and gazed with a curious air till As she whispered thus through she presented the purse. Then he her chattering teeth, a tall gentle started with pleased surprise, laid man passed by her, and as he did so, down his paper, took the gold and something fell to the ground and carefully counted it over. lay upon the crusted snow. Sarah “It is all safe,” he said, “you paused; she had heard the noise have not taken--" made by the little packet, and a “Not one piece, sir,” she cried strange feeling led her to search for eagerly, trembling as she spoke. it. Oh, joy! it was a purse, heavy “You seem poor,” remarked the and filled to the brim; yellow and stranger. shining lay the gold within, as she “I am poor,” she replied. Carried it towards a lighted win “Got a family, I suppose ?” dow.

“Four little boys, sir; I am a “My poor boys, they shall want widow.” food no more !" she cried; "this is “Humph! so I suppose; that's gold! I think that God must have the old story." put it in my way, for He saw I was “Ask Mr. Hart, the tailor,” cried in despair."

the widow, stepping forward a little; Suddenly, like a flash of light- | “he knows me well; he knows that ning, the thought occurred to though I am poor I am honest.” Sarah, that not one halfpenny of the A bright red spot burned on her treasure was honestly hers. But a cheeks as she spoke, and she forced moment she lingered, pressing the back the tears. money with her numbed fingers, the “Now confess," said the stranger, sorrowful tears chasing down her rising and walking to and fro before thin cheeks; then, starting forward the fire," tell me, did you not expect to find the owner of the purse, she a large reward for this P” walked hurriedly up the street, fear “I did think, perhaps—” and she ful that the temptation, should she turned with quivering lips to the arrive at her poor room and see her door. hungry children, might prove too “Stop, stop !" cried the stranger; strong for her honesty.

you know you would never have Opposite a great hotel, as she returned the purse had you not stood thinking which way to take, expected to be well paid for it.”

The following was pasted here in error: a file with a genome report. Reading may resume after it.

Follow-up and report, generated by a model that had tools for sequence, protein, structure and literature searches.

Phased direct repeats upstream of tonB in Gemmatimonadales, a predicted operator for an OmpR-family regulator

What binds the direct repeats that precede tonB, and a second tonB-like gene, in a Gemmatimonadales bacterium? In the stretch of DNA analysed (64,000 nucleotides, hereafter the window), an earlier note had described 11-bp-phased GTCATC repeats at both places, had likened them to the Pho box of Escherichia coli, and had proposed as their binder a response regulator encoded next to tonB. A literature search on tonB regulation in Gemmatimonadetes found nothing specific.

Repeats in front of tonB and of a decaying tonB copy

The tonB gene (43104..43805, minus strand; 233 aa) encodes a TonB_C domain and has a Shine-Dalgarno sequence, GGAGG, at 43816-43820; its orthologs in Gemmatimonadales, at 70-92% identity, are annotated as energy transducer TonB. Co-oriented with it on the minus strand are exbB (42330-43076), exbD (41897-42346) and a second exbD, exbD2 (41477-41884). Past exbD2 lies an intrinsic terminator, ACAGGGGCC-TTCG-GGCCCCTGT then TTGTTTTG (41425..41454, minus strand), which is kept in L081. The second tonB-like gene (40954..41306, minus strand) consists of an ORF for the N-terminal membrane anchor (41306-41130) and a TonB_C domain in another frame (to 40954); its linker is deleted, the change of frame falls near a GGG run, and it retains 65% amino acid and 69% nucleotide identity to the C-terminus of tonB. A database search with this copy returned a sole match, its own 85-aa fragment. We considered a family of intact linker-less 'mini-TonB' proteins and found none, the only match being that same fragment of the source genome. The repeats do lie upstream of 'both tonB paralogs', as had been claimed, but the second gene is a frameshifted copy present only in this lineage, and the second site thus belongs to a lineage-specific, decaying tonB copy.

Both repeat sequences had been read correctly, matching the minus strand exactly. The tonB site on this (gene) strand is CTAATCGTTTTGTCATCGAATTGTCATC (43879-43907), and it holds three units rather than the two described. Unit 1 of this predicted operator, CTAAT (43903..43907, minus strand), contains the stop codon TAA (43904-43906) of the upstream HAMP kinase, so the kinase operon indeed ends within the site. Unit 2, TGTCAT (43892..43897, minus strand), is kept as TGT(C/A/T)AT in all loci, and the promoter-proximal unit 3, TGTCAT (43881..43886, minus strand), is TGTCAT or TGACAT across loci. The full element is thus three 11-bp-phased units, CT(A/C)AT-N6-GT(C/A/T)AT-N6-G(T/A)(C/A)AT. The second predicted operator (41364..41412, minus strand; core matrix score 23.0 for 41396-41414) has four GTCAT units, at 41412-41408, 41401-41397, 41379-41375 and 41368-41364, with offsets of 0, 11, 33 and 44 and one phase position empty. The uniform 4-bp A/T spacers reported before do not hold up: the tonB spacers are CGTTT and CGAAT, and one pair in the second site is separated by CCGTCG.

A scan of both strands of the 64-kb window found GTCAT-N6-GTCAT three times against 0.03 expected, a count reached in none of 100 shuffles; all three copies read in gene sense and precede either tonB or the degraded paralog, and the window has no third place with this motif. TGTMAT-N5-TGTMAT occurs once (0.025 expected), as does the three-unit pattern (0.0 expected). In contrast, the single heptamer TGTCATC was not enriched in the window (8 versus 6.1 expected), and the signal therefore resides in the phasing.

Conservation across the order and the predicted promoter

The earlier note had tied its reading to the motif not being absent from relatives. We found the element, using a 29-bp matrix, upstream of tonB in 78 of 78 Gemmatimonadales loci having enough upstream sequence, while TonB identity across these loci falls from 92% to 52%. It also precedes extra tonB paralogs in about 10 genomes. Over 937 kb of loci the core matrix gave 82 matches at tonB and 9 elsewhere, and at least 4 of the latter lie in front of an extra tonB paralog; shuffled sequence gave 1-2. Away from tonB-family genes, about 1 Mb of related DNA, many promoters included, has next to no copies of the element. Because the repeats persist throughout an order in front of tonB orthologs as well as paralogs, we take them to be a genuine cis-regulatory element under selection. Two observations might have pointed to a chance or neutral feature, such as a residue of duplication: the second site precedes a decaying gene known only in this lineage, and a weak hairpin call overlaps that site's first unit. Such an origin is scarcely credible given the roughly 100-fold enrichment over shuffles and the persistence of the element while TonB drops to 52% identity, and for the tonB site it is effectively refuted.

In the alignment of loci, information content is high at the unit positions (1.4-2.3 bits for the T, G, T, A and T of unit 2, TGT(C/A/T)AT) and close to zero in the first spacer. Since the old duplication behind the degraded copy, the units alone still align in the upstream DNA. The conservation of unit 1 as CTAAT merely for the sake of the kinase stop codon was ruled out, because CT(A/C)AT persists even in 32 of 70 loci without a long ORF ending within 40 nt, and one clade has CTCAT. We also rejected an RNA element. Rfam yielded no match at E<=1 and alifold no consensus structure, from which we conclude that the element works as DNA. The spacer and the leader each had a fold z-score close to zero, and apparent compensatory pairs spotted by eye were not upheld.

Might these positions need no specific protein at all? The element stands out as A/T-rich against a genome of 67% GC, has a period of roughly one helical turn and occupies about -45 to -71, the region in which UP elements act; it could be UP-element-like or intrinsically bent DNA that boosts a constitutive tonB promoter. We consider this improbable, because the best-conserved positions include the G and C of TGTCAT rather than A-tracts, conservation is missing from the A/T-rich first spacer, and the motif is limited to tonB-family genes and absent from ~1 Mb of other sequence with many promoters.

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“Sir!" said the widow, her voice thrusting his hand into that place, rising beyond its usual tone, and when, lo! out came the very purse her thin form erect,

the widow had returned that morn. The stranger paused, holding the ing, with five pieces of gold still in purse in his hand; then drawing forth a small coin, offered it to her. A scene of joyous confusion fol.

For a moment she drew back; | lowed, and the voice of prayer but then remembering that her ascended from Sarah Goodwin's full poor boys were hungry at home, heart. Again and again she looked and in bed because there was no at the glittering treasure. It seemed fire, she burst into tears as she took a fortune to her. How her heart it, saying, “ This will buy bread for ran over with gratitude to God and my poor children,” and hurrying the stranger! away, she buried the bitterness of She could not rest, till, throwing that morning in her own heart. on her bonnet, with cheeks glowing

It was four o'clock on the same now with hope and happiness, she day. Sarah Goodwin sat by a ran back to the hotel to pour forth scanty fire, busy in sewing patches her thanks. on the very poor clothes of her four A carriage stood at the door laden boys.

with trunks behind. The driver “Run to the door, Jimmy," she mounted the seat as she had reached said to the eldest, as a loud knock the steps, and, turning her head, was heard.

there within sat the stranger. She “Oh, mother!” the boy cried, had not time to speak; but he nodreturning, “a big bundle for us! ded his head, as he saw her with What is it? What can it be?”